Artemisia annua: A Miraculous Herb to Cure Malaria

  • M. NaeemEmail author
  • Mohd Idrees
  • Minu Singh
  • M. Masroor A. Khan
  • Moinuddin


Artemisia annua L. (family Asteraceae) is the only source of a potent antimalarial drug artemisinin that has been used for centuries in Chinese traditional therapy for the treatment of fever and malaria. Artemisinin, a sesquiterpene lactone containing an endoperoxide bridge, has been proved as an effective and safe alternative remedy against the highly adaptable malaria parasite Plasmodium falciparum, which has already become resistant to many other drugs. World Health Organization (WHO) recommended artemisinin-based combination therapy (ACT) as the most effective one against the drug-resistant malaria. As it is highly desirable, various scientific strategies have been applied to enhance the production of artemisinin. Malaria is a vector-borne disease usually caused by Plasmodium species. It is reported that malaria threatens more than one-third of the global population, killing approximately 2 million people annually. A multidimensional approach is needed to control the malaria, and one of them is increasing artemisinin production in the plant concerned. The present review covers the information regarding A. annua cultivation, medicinal uses, artemisinin production, causes, consequences and control of malaria including strategies and policies.


Artemisia annua Artemisinin ACTs Malaria Parasites 


  1. Abdin MZ, Israr M, Rehman RU, Jain SK (2003) Artemisinin, a novel antimalarial drug: biochemical and molecular approaches for enhanced production. Planta Med 69:1–11CrossRefGoogle Scholar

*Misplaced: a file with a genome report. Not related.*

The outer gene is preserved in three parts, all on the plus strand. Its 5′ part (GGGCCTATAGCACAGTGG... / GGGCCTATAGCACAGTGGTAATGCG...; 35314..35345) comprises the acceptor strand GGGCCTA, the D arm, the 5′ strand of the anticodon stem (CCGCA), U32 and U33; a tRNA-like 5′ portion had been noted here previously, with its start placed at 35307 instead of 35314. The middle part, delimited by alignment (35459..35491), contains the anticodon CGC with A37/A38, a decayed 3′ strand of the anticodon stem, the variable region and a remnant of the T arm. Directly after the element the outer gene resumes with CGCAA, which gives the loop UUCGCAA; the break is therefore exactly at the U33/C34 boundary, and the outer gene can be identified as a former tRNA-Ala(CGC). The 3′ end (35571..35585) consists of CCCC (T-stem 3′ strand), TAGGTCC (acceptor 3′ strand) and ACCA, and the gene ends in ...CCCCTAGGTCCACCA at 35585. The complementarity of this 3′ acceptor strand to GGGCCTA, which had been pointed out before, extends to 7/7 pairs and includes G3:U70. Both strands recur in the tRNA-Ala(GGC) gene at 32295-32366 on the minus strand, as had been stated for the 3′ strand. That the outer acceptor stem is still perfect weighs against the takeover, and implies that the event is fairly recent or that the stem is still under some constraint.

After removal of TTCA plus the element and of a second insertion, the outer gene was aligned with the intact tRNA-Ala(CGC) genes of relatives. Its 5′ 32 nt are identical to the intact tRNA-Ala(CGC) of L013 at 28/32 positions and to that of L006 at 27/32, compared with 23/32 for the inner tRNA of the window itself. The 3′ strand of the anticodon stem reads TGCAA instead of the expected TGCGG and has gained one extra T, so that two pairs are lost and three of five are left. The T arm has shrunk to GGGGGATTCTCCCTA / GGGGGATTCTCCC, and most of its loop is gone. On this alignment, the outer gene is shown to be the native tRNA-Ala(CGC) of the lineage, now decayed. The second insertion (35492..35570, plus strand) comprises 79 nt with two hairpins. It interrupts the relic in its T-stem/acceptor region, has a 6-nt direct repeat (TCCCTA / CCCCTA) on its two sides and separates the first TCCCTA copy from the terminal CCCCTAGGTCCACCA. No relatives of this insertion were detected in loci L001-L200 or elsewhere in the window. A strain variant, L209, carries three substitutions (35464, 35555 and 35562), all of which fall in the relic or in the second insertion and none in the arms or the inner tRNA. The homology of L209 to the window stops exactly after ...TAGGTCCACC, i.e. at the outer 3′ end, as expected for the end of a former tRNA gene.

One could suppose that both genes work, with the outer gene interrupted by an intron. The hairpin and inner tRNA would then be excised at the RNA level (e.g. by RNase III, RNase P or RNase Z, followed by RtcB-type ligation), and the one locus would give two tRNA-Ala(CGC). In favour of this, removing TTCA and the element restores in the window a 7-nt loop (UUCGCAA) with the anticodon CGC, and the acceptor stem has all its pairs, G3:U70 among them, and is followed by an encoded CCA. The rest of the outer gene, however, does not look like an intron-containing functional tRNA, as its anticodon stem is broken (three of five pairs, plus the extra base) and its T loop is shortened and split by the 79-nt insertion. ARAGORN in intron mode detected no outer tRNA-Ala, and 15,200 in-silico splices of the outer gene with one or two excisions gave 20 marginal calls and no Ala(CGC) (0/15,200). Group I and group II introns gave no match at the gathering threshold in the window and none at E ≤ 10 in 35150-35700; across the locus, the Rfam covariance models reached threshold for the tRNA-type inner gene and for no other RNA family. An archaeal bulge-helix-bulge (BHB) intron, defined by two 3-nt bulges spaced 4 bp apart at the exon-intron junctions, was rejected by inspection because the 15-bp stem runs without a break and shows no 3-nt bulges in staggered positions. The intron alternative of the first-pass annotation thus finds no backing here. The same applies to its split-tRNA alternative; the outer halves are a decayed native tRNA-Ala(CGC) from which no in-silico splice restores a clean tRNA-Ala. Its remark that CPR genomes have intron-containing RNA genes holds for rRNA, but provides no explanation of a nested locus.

2. Aftab T, Khan MMA, Idrees M, da Silva JAT, Naeem M et al (2012) Exogenous nitric oxide protects Artemisia annua from oxidative stress generated by boron and aluminium toxicity. Ecotoxicol Environ Safe 80:60–68CrossRefGoogle Scholar
  3. Aftab T, Khan MMA, Idrees M, Naeem M, Hashmi N et al (2010a) Effect of salt stress on growth, membrane damage, antioxidant metabolism and artemisinin accumulation in Artemisia annua L. Plant Stress 4:36–43Google Scholar
  4. Aftab T, Khan MMA, Idrees M, Naeem M, Ram M (2010b) Boron induced oxidative stress, antioxidant defense response and changes in artemisinin content in Artemisia annua L. J Agron Crop Sci 196:423–430CrossRefGoogle Scholar
  5. Aftab T, Khan MMA, Idrees M, Naeem M, Singh M et al (2010c) Stimulation of crop productivity, photosynthesis and artemisinin production in Artemisia annua L. by triacontanol and gibberellic acid application. J Plant Interact 5:273–281CrossRefGoogle Scholar
  6. Allen PC, Lydon J, Danforth HD (1997) Effects of components of A. annua on coccidia infections in chickens. Poult Sci 76(8):1156–1163PubMedGoogle Scholar
  7. Anonymous (1982) Chemical studies on qinghaosu (artemisinine): China cooperative group on qinghaosu and its derivatives as antimalarials. J Tradition Chinese Med 2:3–8Google Scholar
  8. Anonymous (1992) Rediscovering wormwood: qinghasou for malaria. The Lancet 339:649–651CrossRefGoogle Scholar
  9. April (1989) Published by the National Institutes of Pharmaceutical Research and Development, Beijing, on Behalf of the UNDP/World Bank/WHO Special Programme for Research and Training in Tropical Diseases, p 152Google Scholar
  10. Avery MA, Chong WKM, Jennings-White C (1992) Stereoselective total synthesis of (+)-artemisinin, the antimalarial constituent of Artemisia annua L. J Am Chem Soc 114:974–979CrossRefGoogle Scholar
  11. Basco LK, Ndounga M, Keundjian A, Ringwald P (2002) Molecular epidemiology of malaria in Cameroon. IX. Characteristics of recrudescent and persistent Plasmodium falciparum infections after chloroquine or amodiaquine treatment in children. Am J Trop Med Hyg 66:117–123PubMedGoogle Scholar
  12. Carrara VI, Zwang J, Ashley EA, Price RN, Stepniewska K et al (2009) Changes in the treatment responses to artesunate-mefloquine on the northwestern border of Thailand during 13 years of continuous deployment. PLoS ONE 4(2):e4551PubMedCrossRefGoogle Scholar